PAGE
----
"One time I was folding all of Lydia's clothes and I brought something out — a polka dot shirt — and I said, 'Sweetie, is this a pajama or a T-shirt?' She grabbed it from me and said, 'Mom!' and threw it in her pajama drawer.

"I said, 'Sweetie, that's the kind of stuff I forget.' I had no idea what I was looking at. But Lydia understands that now and she's become like my little mini-doctor. Even though she doesn't know what time it is, she'll go, 'Mom, time for your 8 o'clock meds.'

"She'll hold each pill and want to put it in my mouth. It's so cute. She just wants to help her mom get better."

A big step for Andrea was Mandy's wedding last month to Jeremy "Mo" Mihm in St. Henry, Ohio.

One of the bridesmaids, she walked down the aisle wearing a stylish black covering that — thanks to a friend's mom who made it — not only fit her helmet, but matched the black dress she wore. Best of all she was surrounded by her former Raider teammates and coaches.

And yet she said she was caught off-guard when Mandy and Mo exchanged vows:

"It got a little emotional for me. When I heard them say, 'I promise to be there for you in good days and bad' . I just started crying. When Mike and I got married, you think it's all gonna be good days. You don't think about the other, but obviously Mike and I have had some bad ones through all this."

That's when Sandi injected a positive note: "But Mike has taken good care of her."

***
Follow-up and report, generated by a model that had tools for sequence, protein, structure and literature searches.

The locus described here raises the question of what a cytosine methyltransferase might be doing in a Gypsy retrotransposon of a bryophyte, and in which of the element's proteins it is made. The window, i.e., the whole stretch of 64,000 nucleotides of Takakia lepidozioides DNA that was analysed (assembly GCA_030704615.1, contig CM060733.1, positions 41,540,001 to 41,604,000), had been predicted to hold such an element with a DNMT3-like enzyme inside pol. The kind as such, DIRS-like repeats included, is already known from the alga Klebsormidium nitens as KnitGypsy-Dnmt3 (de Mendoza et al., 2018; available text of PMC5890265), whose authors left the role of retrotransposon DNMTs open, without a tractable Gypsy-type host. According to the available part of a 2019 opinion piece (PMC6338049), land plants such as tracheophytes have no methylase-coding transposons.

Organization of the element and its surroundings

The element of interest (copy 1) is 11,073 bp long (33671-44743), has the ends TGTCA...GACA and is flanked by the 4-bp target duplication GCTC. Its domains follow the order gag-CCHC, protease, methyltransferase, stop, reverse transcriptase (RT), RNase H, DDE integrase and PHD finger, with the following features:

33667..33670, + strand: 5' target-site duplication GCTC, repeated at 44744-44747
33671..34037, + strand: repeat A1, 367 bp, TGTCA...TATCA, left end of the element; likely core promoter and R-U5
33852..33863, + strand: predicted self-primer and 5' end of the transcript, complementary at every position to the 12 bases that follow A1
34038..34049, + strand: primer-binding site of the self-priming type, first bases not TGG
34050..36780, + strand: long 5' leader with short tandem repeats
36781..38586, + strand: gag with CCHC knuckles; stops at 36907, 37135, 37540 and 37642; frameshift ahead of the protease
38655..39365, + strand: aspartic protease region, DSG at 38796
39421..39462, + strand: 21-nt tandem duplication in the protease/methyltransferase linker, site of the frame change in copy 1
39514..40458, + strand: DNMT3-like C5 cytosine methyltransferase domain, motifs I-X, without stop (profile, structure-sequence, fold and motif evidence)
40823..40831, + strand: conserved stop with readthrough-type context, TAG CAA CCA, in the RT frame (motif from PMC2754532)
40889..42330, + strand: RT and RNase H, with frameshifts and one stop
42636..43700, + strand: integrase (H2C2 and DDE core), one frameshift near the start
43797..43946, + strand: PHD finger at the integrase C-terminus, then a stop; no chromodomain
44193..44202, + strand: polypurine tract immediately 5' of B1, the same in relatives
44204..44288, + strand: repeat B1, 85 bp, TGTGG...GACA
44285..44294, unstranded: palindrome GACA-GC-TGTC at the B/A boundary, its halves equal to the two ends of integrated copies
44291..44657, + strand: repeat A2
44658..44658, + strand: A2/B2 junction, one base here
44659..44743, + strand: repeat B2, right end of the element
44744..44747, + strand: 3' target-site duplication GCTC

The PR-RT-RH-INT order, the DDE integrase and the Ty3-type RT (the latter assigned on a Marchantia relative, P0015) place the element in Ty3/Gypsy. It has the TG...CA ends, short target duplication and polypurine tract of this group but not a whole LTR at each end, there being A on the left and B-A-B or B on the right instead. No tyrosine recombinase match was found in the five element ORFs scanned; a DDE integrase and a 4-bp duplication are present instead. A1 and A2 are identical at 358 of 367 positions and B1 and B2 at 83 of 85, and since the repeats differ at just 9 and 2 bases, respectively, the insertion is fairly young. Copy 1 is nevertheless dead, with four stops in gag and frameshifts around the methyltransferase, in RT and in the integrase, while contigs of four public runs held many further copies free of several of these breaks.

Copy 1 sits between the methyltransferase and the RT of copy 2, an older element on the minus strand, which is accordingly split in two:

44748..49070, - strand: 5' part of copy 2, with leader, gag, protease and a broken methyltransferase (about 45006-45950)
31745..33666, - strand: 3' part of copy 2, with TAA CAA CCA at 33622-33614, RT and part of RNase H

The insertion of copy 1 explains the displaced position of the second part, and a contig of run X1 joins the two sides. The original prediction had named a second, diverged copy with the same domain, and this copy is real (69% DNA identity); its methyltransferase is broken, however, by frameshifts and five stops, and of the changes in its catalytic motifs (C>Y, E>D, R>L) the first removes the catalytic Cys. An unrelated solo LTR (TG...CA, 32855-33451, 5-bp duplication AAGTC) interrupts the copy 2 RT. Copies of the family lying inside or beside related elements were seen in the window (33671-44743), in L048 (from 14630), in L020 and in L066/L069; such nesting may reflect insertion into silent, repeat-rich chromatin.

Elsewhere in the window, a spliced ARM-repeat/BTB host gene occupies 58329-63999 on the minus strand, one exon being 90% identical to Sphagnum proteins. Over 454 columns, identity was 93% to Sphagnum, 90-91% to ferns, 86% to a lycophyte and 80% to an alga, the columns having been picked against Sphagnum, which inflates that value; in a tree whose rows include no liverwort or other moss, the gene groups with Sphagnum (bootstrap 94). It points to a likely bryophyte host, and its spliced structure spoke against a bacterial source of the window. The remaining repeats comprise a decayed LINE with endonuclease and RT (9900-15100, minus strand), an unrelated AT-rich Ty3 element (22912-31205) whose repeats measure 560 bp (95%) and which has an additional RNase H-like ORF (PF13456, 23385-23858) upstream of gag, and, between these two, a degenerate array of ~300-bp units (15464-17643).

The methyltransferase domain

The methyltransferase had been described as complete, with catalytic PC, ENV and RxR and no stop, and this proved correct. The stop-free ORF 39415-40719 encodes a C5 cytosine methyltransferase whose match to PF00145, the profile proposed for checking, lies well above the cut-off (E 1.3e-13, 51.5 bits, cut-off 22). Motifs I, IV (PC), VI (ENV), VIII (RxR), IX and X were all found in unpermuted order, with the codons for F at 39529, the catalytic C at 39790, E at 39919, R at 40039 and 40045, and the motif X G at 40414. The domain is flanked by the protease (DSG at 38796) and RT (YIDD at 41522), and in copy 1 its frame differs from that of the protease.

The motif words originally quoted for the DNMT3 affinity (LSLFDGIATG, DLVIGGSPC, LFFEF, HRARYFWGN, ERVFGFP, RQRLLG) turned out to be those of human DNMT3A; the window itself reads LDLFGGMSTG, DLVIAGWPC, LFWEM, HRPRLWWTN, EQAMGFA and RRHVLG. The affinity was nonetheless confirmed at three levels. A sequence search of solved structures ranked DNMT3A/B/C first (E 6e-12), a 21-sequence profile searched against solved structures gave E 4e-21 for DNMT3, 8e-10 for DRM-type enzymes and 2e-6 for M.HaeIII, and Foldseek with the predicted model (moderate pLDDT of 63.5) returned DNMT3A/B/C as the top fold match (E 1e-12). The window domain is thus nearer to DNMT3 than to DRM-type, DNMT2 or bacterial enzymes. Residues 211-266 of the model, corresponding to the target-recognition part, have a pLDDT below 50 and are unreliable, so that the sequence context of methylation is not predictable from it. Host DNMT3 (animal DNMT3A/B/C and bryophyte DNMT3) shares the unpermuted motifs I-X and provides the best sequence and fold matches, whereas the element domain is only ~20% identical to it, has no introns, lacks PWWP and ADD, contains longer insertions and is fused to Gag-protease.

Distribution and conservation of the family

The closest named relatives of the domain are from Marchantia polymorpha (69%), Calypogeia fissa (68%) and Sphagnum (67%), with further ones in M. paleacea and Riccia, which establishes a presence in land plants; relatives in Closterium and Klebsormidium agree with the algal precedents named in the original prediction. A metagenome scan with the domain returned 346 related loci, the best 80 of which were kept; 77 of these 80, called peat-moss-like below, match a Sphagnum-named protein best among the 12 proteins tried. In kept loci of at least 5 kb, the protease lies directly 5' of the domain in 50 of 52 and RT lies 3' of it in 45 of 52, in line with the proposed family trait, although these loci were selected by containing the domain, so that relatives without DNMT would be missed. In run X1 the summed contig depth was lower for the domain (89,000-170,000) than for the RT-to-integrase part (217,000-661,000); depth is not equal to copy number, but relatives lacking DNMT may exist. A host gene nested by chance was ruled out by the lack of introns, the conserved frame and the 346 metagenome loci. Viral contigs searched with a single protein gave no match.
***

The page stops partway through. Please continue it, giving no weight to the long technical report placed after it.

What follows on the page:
Andrea nodded: "I know I'm lucky to even have some bad days along the way. I'm blessed just to be alive.

"My friend who got me the tickets told me she keeps asking herself, 'Why Andrea? Why did it happen to her?' And you know I've asked myself that same question many times. But then one day she said, 'I finally think I understand. I think it happened to you because God knew you could emotionally make it through it. A lot of people couldn't.'

"Her saying that meant a lot to me. It made me think that being so close to those people who died, God saved me for a reason and I've got to make the most of it now."

And she's trying.

On her birthday last May she walked an entire 5K race held in her honor. This fall she helped coach the Pendleton High volleyball team and last Friday night Dave Shondell, her old Munciana coach who's now the head coach at Purdue, had her address his Boilermakers before they played Ohio State.

She and Mike even went to an outdoor concert again this year.

And she's also regained some of her sense of humor.

"I thought my April Fools' Day joke was pretty good," she said. "I called my mom and told her I was pregnant. . But she didn't find it funny at all."

Sandi shook her head: "Actually, she left me a phone message about being pregnant. I was shocked. It didn't occur to me it was April Fools', so I believed her. I called her up and said, 'Oh, no! You can't be,' but she insisted, 'I am. I am.'... And that's a sign she's getting back to her old self more and more."

Andrea wants to be able to drive again and run — she had done several races over the years — and she hopes to play sand volleyball again.

And she said she does want to have another child:

"Maybe next April Fools' Day I'll be able to call Mom and it won't be a joke."

Hearing that, Sandi just smiled: "Now that would be something."

As Thanksgiving stories go, it would make an already good one even better.


Information from: Dayton Daily News: